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Thomas Wentworth Higginson, Harvard Memorial Biographies 17 1 Browse Search
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Thomas Wentworth Higginson, Harvard Memorial Biographies, 1858. (search)
eable thoughts. There was little now in the army to keep him away from home; but he returned, as usual, at the first moment, and went through all Meade's exhausting series of marches and manoeuvres, which resulted in the battle of Bristoe, where Warren thoroughly repulsed A. P. Hill. Warren's Second Division did this work, and the Twentieth captured two of the five guns there taken. Soon after, Patten marched with the army to Mine Run; and his regiment, deployed as skirmishers, drove in the eWarren's Second Division did this work, and the Twentieth captured two of the five guns there taken. Soon after, Patten marched with the army to Mine Run; and his regiment, deployed as skirmishers, drove in the enemy's skirmishers at Robertson's Tavern with memorable rapidity. Patten's days were now nearly numbered. He came back from Mine Run with a debilitating disease of the bowels, almost surely fastened upon him for life. One whiff of fresh Northern air was all he would allow himself. Against the remonstrances of friends, he rushed back to camp the moment he had strength to perform the smallest part of his duties. On the 24th of January, 1864, he writes:β€” my dear mother,β€”It is inde
Thomas Wentworth Higginson, Harvard Memorial Biographies, 1860. (search)
Bar, but never actively prosecuted his profession. He died at his residence in Longwood, Brookline, a few months before Warren entered the military service. The mother of Lieutenant Russell was the daughter of William Hooper, Esq., of Marblehead. the finest and most attractive womanly graces with great fortitude and elevation of mind. At the age of thirty-one, when Warren was eight years old, she died, leaving two daughters, who still survive, and two sons, Warren and Francis, who both gave Warren and Francis, who both gave their lives for their country. Excepting this irretrievable bereavement, the boyhood of Lieutenant Russell had no marked event. The first school he attended was kept by Mr. T. Russell Sullivan in Boston, under the Park Street Church. After the deas bestowed in recognition of the extraordinary bravery which he, a mere lad of sixteen years, had shown upon the field. Warren was justly proud of his brother's well-merited honors, and he might well have found in them an augury of like capacity in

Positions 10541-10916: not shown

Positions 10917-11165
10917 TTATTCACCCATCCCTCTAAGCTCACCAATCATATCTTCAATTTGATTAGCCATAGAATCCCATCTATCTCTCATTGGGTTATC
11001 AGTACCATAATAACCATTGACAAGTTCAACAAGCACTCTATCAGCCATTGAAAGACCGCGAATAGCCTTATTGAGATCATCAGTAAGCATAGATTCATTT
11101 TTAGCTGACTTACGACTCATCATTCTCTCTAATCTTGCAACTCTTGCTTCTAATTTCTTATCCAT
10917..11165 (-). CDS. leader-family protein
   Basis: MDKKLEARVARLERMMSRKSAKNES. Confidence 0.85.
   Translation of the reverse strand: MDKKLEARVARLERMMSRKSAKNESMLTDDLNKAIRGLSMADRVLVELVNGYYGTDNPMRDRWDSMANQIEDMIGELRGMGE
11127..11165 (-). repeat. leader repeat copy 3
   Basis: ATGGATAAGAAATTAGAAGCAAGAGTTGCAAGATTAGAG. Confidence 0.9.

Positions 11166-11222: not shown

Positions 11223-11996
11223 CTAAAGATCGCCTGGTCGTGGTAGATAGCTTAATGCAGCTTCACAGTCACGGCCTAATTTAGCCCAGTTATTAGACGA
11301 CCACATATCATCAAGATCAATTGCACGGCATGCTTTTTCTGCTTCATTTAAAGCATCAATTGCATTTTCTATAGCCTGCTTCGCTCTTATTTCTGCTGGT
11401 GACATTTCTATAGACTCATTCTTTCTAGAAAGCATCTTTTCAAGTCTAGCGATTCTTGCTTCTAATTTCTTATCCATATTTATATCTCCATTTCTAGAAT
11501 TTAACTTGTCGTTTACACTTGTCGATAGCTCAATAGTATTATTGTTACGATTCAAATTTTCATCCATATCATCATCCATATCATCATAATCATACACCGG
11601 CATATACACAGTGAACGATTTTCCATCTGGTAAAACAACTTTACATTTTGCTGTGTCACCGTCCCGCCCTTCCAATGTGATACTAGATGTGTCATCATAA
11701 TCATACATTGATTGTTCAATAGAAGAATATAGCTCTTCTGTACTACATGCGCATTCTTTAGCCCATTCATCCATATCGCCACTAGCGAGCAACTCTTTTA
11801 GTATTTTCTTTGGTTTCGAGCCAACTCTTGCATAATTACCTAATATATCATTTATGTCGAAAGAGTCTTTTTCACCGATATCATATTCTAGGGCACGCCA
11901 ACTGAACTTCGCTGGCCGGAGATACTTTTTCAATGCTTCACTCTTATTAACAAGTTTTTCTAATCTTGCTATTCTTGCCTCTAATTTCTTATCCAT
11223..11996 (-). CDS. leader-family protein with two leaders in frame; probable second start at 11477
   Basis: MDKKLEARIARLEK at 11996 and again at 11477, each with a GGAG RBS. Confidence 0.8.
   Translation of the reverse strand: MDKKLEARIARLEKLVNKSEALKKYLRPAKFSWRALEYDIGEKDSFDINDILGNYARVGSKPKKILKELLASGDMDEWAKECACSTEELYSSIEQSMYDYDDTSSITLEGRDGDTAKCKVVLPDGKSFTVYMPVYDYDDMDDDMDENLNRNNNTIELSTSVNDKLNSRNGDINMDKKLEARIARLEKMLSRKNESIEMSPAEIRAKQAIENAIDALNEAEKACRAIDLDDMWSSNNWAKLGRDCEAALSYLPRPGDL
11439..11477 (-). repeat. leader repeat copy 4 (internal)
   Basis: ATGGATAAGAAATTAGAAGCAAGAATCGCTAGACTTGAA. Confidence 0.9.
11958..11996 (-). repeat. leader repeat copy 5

Thomas Wentworth Higginson, Harvard Memorial Biographies, 1864. (search)
Soon came the disastrous battle before Winchester, in which several balls passed through Crowninshield's coat and hat; but he seemed unconscious of the fact, and remained cool and collected. His company was slowly covering the retreat, when he was wounded in the leg. Then came the long retreat, the return home, the protracted confinement, and the slow recovery; but he was patient through it all. What he suffered will appear in the following extract from an account of this wound by Dr. J. Mason Warren:β€” The case is given somewhat in detail to show to what extent the soldier is exposed, independently of the danger from his wounds. That a young man scarcely nineteen should be able to march thirty-five miles with his regiment, constantly fighting and without food, keep guard all night and engage in a battle lasting four hours the next morning, be wounded, and, while suffering and bleeding, lie thirty-six hours with a man on his swollen limb, and with nothing to sustain him, exc
Thomas Wentworth Higginson, Harvard Memorial Biographies, Biographical Index. (search)
James, Rev. Dr., L 254, 359, 417, 424. Walker, Wise, & Co., II. 13. Ward, Brig.-Gen., I. 17. Ward, N., Dr., I. 67, 69;. Ware, Helen, I. 221. Ware, John, Dr., I. 221. Ware, Robert, Surgeon, Memoir, I. 221-234. Also, II. 200. Warren, G. K., Maj.-Gen., I. 428. Warren, J. M., Dr., II. 435. Washington, George, I. 128. Washington, George (Rebel service), II. 434. Wasson, D. A., Rev., I. 188. Webster, Daniel, Hon., I. 3, 20;,21, 23, 62,154. Webster, Fletcher, CoWarren, J. M., Dr., II. 435. Washington, George, I. 128. Washington, George (Rebel service), II. 434. Wasson, D. A., Rev., I. 188. Webster, Daniel, Hon., I. 3, 20;,21, 23, 62,154. Webster, Fletcher, Col., Memoir, I. 20-28. Also, II. 50, 219;, 221. Webster, Grace, I. 20. Webster, Julia, I. 25. Weems, H. L., I. 128. Weiss, John. Rev., I. 40. Weitzel, G., Maj.-Gen., I. 66. Weld, S. M., I. 132, 327;. Wells, G. D., Colonel, II. 400, 401;, 402, 403. Wells, William, I. 59, 60;. Weston, Calvin, II. 199, Weston, Eliza A., II. 199. Weston, George, Lieut., Memior, II 199-206. Weyman, Isabella, 1. 193. Wharton, Miss, I. 3. Wheeler, Moses, II. 38. Wheeler, Ge